Sophia of Bavaria was a Queen of Bohemia and the spouse of Wenceslaus, King of Bohemia and King of the Romans. She was briefly interim regent of Bohemia after the death of Wenceslaus in 1419.
Wenceslaus I was the first Duke of Luxembourg from 1354. He was the son of John the Blind, King of Bohemia, and Beatrice of Bourbon.
Jan z Jenštejna, German: Johann II. von Jenstein, Johannes VI. von Jenstein. Johann von Jenzenstein, Johann von Genzenstein was the Archbishop of Prague from 1379 to 1396. He studied in Bologna, Padova, Montpellier and Paris. He was also a poet, writer and composer.
Henry XIV, Duke of Bavaria, was Duke of Lower Bavaria.
Konrad Kyeser was a German military engineer, author of Bellifortis, a book on military technology popular throughout the 15th century. Originally conceived for King Wenceslaus, Kyeser dedicated the finished work to Rupert of Germany.
Master Theodoric, in Latin Magister Theodoricus is best documented Bohemian Gothic painter. He was favourite court painter of Charles IV, Holy Roman Emperor. and the first Bohemian painter whose name can be linked to a body of work. Theodoric is considered the chief representative of the phase of International Gothic known as "the Soft style". His masterpiece is the Chapel of the Holy Cross at Charles' newly completed Karlštejn Castle near Prague, containing a large series of slightly over-lifesize half-length panel portraits of saints and other notable figures on a gold ground. The whole decoration of the Chapel was commissioned in 1359 and completed over a number of years. Decoration of the Chapel of the Holy Cross was unique and unprecedented north of Alps. Theodoric´s oeuvre is not comparable to anything in European art after the mid-14th century (1360th).
Parler was a surname of a family of German architects and sculptors from the 14th century. Founder of the dynasty, Heinrich Parler, came from Cologne, but later lived and worked in Gmünd. His descendants were working in various parts of central Europe, especially in Bohemia. The family name was derived from the word Parlier, meaning "foreman".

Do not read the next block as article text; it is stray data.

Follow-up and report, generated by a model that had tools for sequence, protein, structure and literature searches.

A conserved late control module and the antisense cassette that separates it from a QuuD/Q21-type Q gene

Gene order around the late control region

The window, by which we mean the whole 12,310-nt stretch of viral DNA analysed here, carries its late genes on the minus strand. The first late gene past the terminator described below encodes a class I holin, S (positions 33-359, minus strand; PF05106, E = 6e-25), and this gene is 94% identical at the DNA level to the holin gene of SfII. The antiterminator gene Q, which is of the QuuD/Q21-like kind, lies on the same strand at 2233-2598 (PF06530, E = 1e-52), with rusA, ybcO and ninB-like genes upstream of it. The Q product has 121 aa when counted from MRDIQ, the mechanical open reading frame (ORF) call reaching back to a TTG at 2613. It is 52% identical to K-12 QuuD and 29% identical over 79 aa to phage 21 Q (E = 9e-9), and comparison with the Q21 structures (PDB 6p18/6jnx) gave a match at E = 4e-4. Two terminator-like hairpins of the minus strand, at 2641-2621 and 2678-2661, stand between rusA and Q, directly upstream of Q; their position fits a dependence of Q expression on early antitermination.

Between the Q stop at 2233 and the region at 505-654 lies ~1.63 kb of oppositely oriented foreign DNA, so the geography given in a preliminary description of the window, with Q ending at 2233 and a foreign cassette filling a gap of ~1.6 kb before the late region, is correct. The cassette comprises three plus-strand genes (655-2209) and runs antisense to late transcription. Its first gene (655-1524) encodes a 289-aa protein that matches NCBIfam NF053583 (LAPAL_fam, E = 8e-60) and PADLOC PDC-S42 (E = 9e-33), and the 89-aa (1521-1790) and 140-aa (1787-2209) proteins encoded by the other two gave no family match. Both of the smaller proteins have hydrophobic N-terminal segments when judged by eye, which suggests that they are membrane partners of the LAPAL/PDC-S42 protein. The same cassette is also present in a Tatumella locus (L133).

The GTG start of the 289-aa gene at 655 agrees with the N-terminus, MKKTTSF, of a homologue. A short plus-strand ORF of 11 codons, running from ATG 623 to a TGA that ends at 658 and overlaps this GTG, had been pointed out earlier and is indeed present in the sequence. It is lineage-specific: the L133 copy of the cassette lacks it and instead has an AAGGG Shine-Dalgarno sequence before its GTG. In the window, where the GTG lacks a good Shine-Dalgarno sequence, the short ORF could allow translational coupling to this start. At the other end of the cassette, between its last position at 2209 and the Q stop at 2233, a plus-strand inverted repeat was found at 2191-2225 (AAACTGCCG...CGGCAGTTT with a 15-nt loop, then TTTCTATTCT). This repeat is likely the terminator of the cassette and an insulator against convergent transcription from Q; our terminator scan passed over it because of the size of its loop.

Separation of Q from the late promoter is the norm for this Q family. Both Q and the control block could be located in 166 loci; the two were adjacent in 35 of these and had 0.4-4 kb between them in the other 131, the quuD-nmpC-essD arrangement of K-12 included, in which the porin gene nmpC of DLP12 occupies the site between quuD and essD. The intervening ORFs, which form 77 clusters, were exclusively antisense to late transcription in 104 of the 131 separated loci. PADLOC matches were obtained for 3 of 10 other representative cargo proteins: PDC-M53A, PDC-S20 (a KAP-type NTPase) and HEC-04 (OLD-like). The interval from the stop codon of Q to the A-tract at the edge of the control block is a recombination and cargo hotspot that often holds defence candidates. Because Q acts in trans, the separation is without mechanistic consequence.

Beatrice of Bourbon was a French noblewoman. A member of the House of Bourbon, she was by marriage Queen of Bohemia and Countess of Luxembourg.
Margaret of Bohemia, also known as Margaret of Luxembourg, was a Queen consort of Hungary by her marriage to Louis I of Hungary. She was the second child of Charles IV, Holy Roman Emperor by his first wife Blanche of Valois. She was a member of the House of Luxembourg.
This article is about a 15th-century illuminated manuscript Bible. For the 16th-century polyglot Bible printed in Antwerp, see Plantin Polyglot.
Conrad of Vechta was Bishop of Verden (1400–1402/1407), Bishop of Olomouc (1408–1413), Archbishop of Prague (1413–1421), and Master of the Mint (1401–1403) and Chancellor (1405–1412) of the Kingdom of Bohemia.
The Votive Panel of Jan Očko of Vlašim is a Gothic panel painting currently housed in the National Gallery in Prague, Czech Republic. It is one of the most important artworks made in medieval Bohemia. The panel was painted for the Prague archbishop Jan Očko of Vlašim who is depicted kneeling before St. Adalbert of Prague in the lower part of the picture. The author(s) of the painting is (are) not known. The style of the painting stands between the works of Theodoric of Prague and the Master of the Třeboň Altarpiece.
The Veveri Madonna, also called the Madonna of Veveri, is an tempera painting by the unknown moravian, bohemian artist generally called Master of Vyšší Brod. The altarpiece was commissioned after 1344 by Margrave John Henry of Luxembourg for the romanesque church of Assumption of Our Lady, In the neighborhood of royal Veveří castle in Brno, Moravia, Czech Republic. Exhibited in Diocesan Museum in Brno. The panel was one of the first Madonnas painted by the artist. Albert Kutal a Czech scholar called it "a truly rare and extraordinary work".